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Time to Retire Public Employee Pension Plans

October 15
15:15 2009

In just the last ten days, national headlines have highlighted a problem gnawing at our country’s economy, our states’ politics and our own pocketbooks. This emerging epidemic looms far more dangerous than the size of bankers’ bonuses. More than the national debt – which time permits us to grow out of – the passage of time will only exasperate this crisis, saddling our grandchildren and their children with an unbreakable ball and chain. Worse, the nature of the dilemma only allows it to feed on itself, making it more difficult to correct as it recruits – and consumes – more allies.

Ironically, truth be told, we already know how to fix this quandary. So, why haven’t we?

Two of our nation’s largest states now find their public employee pension plans embroiled in salacious scandals (q.v., “2 Guilty Pleas in New York Pension Scandal,” NYTimes.com, October 6, 2009 and “Calpers Rocked by ‘Pay to Play’,” Wall Street Journal, October 15, 2009). What do these two pension plans have in common? Their size. With so much money at stake, any firm providing them a service can reap windfall profits. This lure of lucrative business appears to have brought out some of the worst in people – both service providers and the trustees supposedly safeguarding these assets.

Let’s look at these scandals through the lens of the ERISA Fiduciary:

1. Regulatory Compliance – ERISA fiduciaries cannot reap any transactional benefit from performing their duty, yet politicians regularly receive “donations” from businesses providing services to the plan. Now, I’m not naïve enough to believe this doesn’t occur in other public business, but the dollars are so huge in public employee pension plans, even a small “indiscretion” can yield enormous amounts of cash. Recently, states have started to go after this “pay to play” tit for tat, but, as you can see from the above headlines, the regulators seem to be fighting a losing battle.

2. Fees – Oddly enough, fees haven’t risen to a level of concern like they have in private retirement plans – even though public employee plans use similar investments. Or do they? Much of the scandal derives from the fact these funds have so much excess cash, they cannot (or choose not to) invest solely in regulated investments. Indeed, following the lead of top university endowments like Yale University, these public employee pension plans regularly invest in private placements, where it’s more difficult to determine the reasonableness of fees; thus, explaining the hubbub over mutual fund fees amidst silence concerning other retirement plan investments. (See “Do Mutual Fund Fees Really Matter to 401k Investors and Fiduciaries?,” FiduciaryNews.com August 25, 2009)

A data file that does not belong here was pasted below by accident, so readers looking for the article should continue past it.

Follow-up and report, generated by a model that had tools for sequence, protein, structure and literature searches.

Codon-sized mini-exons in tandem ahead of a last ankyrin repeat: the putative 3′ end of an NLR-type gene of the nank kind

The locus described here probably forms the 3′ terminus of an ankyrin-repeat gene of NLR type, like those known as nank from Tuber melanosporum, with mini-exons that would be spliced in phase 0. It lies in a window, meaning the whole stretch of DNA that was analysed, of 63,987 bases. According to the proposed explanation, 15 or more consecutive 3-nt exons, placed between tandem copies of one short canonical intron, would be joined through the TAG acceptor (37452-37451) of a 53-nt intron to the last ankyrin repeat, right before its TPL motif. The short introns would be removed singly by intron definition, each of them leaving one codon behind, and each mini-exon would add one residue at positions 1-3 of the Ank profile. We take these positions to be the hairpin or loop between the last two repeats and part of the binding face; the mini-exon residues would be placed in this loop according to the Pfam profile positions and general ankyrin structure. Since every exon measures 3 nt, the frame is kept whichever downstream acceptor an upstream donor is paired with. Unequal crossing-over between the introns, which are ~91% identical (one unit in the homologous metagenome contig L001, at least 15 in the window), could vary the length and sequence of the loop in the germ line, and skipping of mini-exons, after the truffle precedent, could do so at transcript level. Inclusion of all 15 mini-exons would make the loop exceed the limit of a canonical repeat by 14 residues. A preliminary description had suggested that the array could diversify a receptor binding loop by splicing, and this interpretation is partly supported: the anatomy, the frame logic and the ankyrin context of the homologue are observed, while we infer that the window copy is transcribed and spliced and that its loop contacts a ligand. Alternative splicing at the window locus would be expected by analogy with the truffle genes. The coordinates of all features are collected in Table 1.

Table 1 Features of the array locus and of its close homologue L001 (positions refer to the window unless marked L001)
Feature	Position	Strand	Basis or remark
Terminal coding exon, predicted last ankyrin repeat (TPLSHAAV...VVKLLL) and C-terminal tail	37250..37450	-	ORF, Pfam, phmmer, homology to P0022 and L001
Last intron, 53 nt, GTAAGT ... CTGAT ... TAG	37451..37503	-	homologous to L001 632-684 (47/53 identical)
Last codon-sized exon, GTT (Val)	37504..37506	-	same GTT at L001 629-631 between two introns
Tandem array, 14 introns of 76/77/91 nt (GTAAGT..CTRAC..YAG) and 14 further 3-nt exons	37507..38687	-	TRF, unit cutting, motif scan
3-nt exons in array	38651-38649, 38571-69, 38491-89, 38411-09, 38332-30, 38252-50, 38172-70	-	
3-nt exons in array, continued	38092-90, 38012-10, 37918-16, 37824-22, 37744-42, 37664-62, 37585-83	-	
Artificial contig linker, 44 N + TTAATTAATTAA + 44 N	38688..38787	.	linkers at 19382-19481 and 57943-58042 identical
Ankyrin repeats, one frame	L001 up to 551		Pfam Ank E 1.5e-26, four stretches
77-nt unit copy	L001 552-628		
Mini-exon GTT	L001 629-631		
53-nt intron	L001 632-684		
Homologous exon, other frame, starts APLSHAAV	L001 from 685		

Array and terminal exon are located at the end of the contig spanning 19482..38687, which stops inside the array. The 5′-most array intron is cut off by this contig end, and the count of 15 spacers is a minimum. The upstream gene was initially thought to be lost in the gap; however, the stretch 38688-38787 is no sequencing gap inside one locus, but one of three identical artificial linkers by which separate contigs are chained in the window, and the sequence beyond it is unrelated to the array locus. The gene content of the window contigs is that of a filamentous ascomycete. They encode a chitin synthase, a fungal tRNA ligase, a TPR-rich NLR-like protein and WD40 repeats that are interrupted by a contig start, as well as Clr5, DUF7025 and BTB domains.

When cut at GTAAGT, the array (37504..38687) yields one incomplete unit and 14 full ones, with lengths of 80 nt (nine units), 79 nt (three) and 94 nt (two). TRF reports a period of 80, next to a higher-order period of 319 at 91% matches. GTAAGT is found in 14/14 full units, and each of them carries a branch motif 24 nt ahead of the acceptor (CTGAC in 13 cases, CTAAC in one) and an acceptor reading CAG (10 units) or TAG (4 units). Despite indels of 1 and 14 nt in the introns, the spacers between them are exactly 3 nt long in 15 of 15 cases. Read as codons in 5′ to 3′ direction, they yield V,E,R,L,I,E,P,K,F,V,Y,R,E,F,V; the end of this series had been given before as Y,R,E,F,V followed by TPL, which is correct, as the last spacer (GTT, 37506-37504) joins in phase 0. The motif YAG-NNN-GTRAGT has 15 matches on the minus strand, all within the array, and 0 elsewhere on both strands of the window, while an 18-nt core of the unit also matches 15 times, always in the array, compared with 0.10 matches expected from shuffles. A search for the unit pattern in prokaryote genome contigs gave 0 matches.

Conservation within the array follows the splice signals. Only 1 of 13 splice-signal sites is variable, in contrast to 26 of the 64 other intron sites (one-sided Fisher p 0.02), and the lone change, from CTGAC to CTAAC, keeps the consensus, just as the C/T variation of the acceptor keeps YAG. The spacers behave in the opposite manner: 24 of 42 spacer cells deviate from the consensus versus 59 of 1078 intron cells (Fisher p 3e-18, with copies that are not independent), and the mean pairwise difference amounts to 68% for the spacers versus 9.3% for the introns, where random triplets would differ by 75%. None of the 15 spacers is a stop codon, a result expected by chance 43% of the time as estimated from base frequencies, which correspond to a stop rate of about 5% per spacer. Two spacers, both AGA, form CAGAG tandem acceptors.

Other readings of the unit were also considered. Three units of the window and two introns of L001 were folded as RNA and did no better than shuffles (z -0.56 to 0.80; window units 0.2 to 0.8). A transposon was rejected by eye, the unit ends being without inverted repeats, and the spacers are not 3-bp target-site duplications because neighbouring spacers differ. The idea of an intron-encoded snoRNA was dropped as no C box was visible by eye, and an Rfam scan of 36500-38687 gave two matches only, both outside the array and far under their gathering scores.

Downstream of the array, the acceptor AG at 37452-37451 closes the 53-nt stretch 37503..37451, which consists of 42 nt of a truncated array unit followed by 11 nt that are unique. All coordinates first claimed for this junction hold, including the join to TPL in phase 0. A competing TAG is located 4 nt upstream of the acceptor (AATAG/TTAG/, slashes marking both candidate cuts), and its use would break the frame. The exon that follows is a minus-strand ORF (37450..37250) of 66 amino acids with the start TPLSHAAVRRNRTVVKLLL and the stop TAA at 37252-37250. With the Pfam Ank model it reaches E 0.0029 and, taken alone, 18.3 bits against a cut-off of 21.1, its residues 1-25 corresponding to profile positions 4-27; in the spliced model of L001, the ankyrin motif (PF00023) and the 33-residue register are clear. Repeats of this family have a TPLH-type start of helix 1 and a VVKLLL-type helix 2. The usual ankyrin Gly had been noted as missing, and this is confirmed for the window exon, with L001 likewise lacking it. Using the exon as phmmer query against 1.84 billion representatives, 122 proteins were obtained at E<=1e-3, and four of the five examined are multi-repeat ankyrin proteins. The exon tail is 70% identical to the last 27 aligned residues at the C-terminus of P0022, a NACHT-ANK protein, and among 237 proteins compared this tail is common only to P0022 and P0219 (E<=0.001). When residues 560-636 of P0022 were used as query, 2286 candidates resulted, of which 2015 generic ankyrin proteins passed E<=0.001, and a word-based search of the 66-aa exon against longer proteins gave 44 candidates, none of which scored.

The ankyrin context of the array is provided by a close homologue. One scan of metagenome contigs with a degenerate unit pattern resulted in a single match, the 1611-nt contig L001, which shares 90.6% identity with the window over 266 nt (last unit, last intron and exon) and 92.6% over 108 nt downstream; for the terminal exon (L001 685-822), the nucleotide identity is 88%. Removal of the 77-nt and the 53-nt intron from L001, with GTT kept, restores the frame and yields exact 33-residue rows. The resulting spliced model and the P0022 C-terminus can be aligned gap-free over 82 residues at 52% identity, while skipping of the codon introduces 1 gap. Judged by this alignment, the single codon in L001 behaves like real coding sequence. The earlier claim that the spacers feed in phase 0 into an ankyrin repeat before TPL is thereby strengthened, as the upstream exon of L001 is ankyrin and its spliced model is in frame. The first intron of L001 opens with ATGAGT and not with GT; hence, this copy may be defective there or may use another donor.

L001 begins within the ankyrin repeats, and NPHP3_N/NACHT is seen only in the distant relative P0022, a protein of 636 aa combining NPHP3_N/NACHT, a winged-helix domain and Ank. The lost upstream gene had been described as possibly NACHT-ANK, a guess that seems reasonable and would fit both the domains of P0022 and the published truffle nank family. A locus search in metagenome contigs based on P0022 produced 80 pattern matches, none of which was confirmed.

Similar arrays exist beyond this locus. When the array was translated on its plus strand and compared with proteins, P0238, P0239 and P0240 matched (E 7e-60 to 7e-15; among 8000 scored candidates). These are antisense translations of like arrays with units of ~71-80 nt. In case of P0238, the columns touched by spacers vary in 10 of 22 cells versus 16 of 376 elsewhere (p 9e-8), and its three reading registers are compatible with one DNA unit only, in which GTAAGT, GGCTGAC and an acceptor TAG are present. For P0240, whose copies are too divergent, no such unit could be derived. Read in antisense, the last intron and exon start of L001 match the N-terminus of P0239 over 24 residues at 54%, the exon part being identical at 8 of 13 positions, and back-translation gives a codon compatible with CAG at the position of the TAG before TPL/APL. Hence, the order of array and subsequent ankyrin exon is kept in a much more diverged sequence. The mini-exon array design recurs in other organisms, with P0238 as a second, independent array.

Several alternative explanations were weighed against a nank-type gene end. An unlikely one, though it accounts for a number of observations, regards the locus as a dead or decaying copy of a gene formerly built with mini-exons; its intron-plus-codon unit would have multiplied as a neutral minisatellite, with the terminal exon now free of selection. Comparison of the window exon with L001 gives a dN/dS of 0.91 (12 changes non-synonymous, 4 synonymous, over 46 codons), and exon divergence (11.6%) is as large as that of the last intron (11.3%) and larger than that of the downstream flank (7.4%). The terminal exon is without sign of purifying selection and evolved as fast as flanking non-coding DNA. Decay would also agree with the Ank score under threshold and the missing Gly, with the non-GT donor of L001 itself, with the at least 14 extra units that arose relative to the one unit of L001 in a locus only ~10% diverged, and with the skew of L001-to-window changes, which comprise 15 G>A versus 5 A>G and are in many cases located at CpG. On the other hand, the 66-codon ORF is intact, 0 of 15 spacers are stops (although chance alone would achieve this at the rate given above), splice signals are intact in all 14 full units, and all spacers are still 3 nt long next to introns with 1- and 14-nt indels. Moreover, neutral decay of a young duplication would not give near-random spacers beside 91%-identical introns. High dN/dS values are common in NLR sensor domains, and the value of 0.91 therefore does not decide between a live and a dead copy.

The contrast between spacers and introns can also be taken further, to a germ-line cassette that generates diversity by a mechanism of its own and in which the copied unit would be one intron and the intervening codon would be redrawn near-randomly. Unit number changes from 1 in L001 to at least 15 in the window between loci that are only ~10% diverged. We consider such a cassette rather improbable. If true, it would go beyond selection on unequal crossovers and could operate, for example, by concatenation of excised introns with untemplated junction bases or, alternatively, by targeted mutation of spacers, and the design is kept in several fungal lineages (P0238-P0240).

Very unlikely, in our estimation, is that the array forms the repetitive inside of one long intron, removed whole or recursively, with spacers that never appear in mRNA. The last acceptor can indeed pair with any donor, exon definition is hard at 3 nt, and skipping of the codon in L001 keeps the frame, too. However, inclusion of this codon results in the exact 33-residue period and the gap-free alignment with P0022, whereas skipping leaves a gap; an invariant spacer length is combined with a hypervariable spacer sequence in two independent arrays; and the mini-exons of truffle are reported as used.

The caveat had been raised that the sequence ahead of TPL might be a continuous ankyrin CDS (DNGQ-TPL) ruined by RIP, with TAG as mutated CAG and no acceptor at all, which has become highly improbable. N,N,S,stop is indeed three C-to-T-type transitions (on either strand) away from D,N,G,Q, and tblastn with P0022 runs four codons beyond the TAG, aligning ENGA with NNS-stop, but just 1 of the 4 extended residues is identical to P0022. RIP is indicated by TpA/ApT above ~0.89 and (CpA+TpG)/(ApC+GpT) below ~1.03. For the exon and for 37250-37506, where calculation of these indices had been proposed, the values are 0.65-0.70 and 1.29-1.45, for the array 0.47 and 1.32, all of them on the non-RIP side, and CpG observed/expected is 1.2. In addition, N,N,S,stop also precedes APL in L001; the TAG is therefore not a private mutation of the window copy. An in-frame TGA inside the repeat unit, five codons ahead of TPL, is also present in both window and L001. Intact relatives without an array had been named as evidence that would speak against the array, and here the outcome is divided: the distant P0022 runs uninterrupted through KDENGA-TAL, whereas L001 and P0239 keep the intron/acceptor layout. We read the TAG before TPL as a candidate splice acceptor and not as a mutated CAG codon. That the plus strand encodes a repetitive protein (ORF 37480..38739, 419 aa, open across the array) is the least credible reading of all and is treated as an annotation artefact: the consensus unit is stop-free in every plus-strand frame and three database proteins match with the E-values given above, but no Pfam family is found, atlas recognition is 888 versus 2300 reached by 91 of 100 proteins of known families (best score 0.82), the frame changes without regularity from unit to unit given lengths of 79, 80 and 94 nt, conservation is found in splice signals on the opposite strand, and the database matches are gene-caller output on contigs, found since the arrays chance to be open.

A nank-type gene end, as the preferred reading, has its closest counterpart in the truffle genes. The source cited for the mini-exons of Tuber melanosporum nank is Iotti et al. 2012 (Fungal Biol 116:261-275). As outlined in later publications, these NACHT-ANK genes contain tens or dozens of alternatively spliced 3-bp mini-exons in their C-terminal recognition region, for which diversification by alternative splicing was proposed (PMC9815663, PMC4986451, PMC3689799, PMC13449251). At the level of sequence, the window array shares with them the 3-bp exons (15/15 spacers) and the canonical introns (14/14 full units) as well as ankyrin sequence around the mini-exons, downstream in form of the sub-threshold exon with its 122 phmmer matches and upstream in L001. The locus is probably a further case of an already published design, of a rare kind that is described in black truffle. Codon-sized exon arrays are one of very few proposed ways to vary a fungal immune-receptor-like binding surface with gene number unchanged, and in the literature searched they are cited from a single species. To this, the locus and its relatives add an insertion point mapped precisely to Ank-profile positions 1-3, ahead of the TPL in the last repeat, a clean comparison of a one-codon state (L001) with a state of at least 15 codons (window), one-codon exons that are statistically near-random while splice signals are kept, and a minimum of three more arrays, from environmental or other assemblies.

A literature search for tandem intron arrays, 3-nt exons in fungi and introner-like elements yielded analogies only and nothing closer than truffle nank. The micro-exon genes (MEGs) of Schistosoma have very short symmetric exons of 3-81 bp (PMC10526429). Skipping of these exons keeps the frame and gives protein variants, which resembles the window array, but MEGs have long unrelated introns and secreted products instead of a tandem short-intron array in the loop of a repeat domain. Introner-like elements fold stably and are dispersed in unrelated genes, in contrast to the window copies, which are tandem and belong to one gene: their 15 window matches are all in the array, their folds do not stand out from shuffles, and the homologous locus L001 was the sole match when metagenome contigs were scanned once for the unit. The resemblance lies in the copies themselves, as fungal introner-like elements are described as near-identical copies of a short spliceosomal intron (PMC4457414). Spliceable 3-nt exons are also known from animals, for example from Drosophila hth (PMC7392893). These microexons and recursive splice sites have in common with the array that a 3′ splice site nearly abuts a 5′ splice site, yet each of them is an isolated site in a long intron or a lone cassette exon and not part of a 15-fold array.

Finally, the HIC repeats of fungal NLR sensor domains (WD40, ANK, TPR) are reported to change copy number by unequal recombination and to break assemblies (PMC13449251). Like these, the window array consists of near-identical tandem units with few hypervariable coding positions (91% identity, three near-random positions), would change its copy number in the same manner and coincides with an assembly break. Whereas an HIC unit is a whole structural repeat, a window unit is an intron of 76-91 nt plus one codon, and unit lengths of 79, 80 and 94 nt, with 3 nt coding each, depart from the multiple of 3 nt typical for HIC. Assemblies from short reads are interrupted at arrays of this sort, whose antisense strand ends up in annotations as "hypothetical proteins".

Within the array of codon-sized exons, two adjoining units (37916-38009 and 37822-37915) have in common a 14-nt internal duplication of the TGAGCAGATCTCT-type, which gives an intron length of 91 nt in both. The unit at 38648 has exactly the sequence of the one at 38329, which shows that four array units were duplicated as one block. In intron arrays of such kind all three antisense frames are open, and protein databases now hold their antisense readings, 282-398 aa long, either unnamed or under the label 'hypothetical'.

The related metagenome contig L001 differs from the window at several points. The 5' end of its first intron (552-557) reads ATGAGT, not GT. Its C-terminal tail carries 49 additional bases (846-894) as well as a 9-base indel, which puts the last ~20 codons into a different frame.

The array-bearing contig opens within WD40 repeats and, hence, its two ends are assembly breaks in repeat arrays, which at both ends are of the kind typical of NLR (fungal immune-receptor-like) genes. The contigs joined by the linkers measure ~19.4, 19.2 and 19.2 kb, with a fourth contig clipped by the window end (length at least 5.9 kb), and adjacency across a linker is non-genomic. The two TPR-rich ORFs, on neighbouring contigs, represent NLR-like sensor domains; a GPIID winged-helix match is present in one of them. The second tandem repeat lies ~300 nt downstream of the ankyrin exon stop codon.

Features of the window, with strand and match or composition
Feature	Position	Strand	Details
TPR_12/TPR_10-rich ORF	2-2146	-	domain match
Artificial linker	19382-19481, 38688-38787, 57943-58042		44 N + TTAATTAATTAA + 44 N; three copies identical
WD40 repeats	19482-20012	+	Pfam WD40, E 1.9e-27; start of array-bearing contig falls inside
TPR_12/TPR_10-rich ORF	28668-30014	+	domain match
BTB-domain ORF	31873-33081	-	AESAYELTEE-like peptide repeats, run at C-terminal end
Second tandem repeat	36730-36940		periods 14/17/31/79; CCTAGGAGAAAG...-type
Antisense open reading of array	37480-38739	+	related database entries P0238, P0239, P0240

3. Conflicts-of-Interest – Needless to say, this is where the rubber meets the road with these scandals. Anytime there’s piles of money, there’s a good chance somebody will bend (at least) ethical rules to get at it. Clearly, the temptation of stacks of dollars presents just too much a luscious target for some. Try as hard as we might, we cannot eliminate greed in certain specific situations. We can only try our best to eliminate those situations giving rise to greed. Think about it. Why do we find these scandals in large public employee plans but not in smaller private 401k plans? (While there may be conflicts-of-interest issues that should concern a 401k fiduciary, they generally do not approach this magnitude.)

4. Investment Due Diligence – As we stated above, private investments tend to provide precious few opportunities to fairly and consistently analyze them. Often without a wisp of regulation, each prospect possesses its own unique characteristics. How, then, can the public employee pension plan fiduciary make an informed decision in this Wild West of investments? Apparently, if we believe the New York Times and the Wall Street Journal, investment decisions have a positive correlation to greased palms. Where does this leave the public employee? Asking the voter to pony up more just to get the retirement benefit the state promised.

5. Education – Of the five areas of fiduciary concern, investor education represents the least relevant. Worse, fiduciary education seems moot. Maybe the education we need lies with the voters.

Clearly, public employee pension plans have grown too large to be ethically managed in a consistent manner. Far too many conflicts-of-interest exist to avoid scandal. Not only do they consume vital public resources to investigate and prosecute, these same scandals lead to lost funds which, in turn, require states to go back to private citizens to continue to fund public employee retirement benefits.

Unless and until we can break the momentum of intertwined conflicts-of-interest, the greatest legacy we’ll leave our grandchildren’s children may be an outstanding bill to pay for spiraling public employee retirement benefits. Why not nip this in the bud right now? Give the workers the money they have earned to date and convert these state-directed defined benefit plans into employee-directed defined contribution plans? This both gives the workers control over (and responsibility for) their own future and, since we’ve converting everything into small piles of money, makes it harder for ne’er-do-wells since no large pile of money will exist to entice them.

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Christopher Carosa, CTFA

Christopher Carosa, CTFA

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